That’d be weird, yes?

So, how come it’s apparently acceptable to send someone a friend request, then stay completely silent, even when asked direct questions, yet think it perfectly normal to poke them every now and then, only to ignore any response from the pokee.
I’m sure these people just get some kick out of the fact their profile says “____ has 1,653 friends.”

I now have a rule, anyone who sends a me a request has a week to actually say something before I delete them.

Trolls are of course the worst of the lot, although they don’t fall into the same category as most other types of irritant. Because even though real life Friend Collectors seem unlikely, there are enough odd people out there to make it at least probable that they exist.

Whereas Trolls can only exist within the anonymous confines of the net.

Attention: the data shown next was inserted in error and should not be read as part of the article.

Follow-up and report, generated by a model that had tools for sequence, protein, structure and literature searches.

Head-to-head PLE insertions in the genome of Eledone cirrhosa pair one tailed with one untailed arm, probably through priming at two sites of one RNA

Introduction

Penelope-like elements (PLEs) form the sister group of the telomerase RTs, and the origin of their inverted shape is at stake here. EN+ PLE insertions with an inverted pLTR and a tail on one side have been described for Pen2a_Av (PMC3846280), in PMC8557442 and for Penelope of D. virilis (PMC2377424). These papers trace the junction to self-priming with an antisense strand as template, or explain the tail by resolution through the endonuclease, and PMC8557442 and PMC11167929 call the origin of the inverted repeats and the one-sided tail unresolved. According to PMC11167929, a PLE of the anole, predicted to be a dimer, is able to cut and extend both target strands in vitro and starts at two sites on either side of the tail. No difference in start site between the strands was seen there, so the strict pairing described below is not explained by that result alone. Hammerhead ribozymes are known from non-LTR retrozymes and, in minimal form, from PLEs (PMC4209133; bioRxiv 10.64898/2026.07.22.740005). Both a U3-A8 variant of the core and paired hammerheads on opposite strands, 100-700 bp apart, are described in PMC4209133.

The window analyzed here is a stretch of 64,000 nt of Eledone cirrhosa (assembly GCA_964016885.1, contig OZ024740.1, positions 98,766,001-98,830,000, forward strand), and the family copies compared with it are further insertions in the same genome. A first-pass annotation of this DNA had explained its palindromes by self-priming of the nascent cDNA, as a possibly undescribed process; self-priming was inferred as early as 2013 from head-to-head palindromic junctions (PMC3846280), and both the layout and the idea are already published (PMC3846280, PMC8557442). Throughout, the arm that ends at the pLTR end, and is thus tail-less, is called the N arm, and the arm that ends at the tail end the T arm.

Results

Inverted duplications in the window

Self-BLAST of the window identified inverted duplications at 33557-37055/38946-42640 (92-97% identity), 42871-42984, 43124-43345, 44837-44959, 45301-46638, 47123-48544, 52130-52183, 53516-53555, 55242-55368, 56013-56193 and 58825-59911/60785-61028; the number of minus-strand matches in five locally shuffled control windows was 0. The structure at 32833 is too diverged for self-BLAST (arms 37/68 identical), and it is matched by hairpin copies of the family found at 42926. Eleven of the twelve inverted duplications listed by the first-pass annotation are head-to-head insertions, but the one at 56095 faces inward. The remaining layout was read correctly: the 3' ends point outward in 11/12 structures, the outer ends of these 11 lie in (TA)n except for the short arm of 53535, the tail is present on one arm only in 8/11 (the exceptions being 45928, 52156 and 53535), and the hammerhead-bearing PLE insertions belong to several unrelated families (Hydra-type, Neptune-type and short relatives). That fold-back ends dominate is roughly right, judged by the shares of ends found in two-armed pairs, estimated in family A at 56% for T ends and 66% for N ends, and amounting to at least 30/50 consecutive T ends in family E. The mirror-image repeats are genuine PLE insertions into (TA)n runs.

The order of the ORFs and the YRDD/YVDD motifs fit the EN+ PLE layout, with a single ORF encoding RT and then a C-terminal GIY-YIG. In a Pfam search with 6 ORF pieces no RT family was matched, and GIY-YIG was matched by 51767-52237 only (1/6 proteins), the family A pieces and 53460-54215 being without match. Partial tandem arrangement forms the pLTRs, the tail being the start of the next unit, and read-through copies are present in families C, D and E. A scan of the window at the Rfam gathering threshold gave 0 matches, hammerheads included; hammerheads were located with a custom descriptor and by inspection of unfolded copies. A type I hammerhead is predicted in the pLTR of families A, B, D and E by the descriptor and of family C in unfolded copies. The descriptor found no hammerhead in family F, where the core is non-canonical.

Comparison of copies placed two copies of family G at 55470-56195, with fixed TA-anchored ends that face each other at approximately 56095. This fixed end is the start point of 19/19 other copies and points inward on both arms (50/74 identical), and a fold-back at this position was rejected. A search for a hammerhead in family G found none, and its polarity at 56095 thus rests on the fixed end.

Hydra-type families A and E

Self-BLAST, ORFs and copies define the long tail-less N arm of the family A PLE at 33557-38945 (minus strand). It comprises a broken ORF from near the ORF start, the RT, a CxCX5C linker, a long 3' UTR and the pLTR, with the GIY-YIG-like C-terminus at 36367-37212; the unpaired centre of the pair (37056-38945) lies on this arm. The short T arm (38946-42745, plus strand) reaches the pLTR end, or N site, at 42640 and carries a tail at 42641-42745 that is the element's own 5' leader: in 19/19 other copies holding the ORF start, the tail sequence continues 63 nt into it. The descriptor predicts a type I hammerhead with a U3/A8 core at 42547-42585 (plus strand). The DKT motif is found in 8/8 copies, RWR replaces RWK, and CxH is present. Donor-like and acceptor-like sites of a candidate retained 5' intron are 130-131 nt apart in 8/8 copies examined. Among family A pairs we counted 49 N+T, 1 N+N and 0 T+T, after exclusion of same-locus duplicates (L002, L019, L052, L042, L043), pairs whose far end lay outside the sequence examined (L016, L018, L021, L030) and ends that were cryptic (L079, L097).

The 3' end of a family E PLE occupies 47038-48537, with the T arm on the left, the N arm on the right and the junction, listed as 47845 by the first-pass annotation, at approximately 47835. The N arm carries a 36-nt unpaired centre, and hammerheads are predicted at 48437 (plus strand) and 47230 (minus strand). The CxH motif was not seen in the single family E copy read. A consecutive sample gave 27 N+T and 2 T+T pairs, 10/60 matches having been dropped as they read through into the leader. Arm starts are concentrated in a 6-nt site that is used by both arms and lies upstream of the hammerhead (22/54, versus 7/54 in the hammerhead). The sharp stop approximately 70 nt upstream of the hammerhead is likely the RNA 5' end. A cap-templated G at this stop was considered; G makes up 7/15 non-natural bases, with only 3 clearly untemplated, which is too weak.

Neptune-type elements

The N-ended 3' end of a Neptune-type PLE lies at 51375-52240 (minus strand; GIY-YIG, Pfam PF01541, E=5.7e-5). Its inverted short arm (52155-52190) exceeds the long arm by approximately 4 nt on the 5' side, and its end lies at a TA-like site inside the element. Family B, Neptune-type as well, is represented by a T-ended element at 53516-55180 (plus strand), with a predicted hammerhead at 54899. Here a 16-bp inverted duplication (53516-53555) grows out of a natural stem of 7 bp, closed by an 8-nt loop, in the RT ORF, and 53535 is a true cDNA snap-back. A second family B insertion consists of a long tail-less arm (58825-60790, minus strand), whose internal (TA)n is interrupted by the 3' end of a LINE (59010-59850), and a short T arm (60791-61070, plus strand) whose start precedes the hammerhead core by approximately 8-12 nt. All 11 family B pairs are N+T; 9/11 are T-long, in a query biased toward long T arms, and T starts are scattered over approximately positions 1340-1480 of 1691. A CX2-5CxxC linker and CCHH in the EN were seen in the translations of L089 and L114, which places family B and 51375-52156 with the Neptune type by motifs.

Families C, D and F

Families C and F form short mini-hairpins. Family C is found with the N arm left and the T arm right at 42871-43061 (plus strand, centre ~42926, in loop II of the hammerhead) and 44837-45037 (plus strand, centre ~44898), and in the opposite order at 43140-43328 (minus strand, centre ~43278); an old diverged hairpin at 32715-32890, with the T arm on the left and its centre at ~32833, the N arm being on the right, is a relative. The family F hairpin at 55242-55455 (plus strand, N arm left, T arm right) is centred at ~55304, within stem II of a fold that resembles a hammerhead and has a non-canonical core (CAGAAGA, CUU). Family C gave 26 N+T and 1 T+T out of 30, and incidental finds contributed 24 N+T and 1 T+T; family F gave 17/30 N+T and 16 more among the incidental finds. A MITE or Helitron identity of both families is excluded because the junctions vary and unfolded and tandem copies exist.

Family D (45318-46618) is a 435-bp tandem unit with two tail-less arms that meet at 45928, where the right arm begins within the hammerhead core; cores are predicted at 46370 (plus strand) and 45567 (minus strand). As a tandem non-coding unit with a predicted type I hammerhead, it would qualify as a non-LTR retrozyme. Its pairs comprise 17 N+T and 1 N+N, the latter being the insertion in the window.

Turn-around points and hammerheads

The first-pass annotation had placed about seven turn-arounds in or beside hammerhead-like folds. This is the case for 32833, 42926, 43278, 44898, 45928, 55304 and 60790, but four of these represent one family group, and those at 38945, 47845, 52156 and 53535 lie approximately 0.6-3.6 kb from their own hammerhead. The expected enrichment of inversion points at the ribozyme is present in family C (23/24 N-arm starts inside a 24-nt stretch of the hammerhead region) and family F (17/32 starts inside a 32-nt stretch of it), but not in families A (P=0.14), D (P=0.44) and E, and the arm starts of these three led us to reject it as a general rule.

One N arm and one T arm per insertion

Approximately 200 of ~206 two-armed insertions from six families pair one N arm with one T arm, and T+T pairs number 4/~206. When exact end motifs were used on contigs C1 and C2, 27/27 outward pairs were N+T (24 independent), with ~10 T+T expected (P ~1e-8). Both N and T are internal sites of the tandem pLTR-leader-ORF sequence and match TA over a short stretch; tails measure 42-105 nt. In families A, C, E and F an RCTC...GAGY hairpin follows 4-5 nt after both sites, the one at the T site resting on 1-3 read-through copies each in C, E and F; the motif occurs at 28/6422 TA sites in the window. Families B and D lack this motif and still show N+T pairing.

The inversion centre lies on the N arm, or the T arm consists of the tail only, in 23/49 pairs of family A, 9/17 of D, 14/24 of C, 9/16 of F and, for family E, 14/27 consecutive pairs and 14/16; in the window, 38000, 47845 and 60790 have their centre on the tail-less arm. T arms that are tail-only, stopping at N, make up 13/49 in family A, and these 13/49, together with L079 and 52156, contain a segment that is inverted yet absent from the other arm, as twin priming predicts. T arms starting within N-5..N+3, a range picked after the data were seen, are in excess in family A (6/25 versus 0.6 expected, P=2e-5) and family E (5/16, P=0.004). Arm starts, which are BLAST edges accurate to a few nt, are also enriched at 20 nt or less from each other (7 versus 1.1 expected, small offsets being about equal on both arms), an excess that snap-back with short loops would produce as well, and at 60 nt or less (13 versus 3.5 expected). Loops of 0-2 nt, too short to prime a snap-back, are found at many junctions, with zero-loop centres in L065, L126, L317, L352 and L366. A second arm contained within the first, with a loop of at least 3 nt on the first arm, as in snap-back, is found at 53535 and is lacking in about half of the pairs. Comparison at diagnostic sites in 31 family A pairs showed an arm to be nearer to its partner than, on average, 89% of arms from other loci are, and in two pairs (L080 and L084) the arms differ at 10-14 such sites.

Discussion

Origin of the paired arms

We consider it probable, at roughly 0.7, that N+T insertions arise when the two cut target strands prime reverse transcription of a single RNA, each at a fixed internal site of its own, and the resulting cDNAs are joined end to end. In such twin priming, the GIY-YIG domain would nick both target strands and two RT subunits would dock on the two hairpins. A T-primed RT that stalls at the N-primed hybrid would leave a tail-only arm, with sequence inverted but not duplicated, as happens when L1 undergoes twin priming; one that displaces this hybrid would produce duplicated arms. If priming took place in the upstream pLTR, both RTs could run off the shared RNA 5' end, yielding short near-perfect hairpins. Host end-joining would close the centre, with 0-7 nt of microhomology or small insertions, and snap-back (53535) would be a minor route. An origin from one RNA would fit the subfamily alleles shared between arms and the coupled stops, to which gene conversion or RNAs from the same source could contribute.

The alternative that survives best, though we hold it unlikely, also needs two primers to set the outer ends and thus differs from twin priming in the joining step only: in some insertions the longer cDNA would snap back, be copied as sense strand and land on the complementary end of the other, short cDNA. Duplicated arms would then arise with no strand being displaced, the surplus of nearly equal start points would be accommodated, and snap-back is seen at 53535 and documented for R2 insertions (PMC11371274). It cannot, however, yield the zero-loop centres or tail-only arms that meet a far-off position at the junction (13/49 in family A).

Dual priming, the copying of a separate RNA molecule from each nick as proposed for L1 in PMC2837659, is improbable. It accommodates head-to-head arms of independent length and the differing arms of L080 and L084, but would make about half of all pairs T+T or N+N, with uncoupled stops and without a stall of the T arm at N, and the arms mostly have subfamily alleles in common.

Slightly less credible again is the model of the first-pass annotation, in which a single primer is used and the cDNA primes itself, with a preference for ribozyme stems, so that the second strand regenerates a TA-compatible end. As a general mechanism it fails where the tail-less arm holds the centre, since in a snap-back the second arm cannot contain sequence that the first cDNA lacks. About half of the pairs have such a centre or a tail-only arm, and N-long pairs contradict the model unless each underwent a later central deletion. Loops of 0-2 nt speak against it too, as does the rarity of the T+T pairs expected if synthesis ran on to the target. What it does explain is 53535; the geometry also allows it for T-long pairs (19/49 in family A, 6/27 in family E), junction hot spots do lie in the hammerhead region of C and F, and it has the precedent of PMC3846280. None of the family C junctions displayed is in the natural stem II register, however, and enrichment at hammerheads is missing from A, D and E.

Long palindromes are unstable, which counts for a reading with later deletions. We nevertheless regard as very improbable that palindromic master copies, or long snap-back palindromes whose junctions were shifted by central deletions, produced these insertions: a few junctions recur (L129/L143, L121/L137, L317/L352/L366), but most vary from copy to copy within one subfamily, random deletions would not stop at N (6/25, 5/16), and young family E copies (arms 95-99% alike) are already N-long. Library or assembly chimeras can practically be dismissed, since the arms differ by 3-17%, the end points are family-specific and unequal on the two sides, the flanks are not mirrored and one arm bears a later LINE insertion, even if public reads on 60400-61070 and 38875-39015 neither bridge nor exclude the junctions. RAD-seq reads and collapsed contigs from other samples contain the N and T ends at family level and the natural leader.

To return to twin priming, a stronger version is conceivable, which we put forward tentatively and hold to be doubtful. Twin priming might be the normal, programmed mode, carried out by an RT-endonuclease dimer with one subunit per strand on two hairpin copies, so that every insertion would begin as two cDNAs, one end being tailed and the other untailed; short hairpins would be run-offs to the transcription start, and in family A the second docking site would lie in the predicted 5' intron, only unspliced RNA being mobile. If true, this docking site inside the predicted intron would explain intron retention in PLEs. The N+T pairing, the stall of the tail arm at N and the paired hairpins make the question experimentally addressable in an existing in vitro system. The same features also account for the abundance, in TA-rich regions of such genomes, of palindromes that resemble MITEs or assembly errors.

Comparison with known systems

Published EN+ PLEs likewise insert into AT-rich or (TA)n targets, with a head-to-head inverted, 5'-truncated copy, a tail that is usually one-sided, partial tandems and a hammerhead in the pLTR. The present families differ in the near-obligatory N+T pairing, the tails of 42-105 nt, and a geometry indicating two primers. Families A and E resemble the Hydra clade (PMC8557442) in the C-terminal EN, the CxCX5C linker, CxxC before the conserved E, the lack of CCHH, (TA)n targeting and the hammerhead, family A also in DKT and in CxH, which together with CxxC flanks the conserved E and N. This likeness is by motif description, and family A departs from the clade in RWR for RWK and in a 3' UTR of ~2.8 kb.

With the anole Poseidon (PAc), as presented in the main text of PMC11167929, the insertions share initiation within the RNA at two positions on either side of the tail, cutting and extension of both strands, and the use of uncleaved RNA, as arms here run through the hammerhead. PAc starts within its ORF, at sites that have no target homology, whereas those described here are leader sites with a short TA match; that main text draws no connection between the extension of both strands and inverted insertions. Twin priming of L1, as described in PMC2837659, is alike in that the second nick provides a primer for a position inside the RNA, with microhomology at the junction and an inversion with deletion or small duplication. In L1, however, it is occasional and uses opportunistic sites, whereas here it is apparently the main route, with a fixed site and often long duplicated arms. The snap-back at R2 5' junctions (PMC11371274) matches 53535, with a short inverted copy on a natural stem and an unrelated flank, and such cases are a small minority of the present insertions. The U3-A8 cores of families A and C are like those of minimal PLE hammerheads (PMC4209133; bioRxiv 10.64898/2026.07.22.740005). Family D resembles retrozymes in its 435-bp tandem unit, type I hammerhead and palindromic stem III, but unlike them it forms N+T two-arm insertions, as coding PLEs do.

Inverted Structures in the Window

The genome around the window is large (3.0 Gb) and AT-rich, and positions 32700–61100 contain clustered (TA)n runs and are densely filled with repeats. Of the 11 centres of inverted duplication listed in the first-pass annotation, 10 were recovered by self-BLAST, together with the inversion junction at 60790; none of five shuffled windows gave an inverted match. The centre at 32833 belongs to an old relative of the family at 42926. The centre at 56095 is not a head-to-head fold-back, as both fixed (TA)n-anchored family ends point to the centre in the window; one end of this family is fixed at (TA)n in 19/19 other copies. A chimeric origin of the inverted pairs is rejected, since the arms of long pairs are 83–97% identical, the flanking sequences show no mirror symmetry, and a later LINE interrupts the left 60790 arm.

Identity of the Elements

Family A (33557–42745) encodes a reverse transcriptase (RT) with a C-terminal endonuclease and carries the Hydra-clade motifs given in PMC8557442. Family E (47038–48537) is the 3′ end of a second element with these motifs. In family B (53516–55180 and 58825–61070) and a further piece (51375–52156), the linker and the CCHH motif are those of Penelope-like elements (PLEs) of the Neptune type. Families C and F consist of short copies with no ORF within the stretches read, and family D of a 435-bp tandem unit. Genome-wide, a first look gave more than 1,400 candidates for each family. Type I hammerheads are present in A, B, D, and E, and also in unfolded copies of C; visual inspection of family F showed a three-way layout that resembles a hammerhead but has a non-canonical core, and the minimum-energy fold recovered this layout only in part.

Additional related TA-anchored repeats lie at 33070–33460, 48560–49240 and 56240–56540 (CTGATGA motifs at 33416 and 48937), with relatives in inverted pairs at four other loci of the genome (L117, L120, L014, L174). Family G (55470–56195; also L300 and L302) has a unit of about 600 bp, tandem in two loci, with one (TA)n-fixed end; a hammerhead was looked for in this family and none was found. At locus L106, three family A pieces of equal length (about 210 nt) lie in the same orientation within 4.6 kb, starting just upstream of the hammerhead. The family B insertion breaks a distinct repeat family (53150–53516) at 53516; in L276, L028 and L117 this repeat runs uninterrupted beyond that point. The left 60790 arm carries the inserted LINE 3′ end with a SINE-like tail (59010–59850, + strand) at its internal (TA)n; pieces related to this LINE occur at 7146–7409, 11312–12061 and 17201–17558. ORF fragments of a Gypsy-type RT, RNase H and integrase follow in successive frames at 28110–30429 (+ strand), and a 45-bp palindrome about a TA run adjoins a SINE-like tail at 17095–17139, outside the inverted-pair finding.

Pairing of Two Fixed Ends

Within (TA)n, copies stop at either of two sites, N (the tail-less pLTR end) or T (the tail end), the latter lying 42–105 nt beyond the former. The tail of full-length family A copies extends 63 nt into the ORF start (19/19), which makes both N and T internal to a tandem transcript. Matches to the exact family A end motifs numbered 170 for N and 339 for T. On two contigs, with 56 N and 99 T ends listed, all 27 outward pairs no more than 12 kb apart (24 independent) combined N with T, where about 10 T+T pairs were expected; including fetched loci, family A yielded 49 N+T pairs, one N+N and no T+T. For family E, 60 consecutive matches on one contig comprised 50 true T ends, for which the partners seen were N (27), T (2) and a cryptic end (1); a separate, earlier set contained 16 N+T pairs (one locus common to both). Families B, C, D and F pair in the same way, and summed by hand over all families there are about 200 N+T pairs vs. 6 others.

Given that their entire raison d’etre is to antagonise as many people as possible, they’d have to be terminal masochists to engage in their online antics in the real world, as they’d spend the whole time getting the crap beaten out of them.

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Some Trolls, yesterday.  Little bastards.

For example, imagine this real life scenario, transposed from a post I saw on Facebook during the football Euro championship, (or whatever it’s called, can’t stand football myself) only instead of on the busy public Facebook newsfeed, imagine it’s happening in a packed pub.

Someone stands up, and to nobody in particular, says;
“I hope something like the Hillsborough disaster happens at the England game tonight.”

Ok, you can close your mouth now.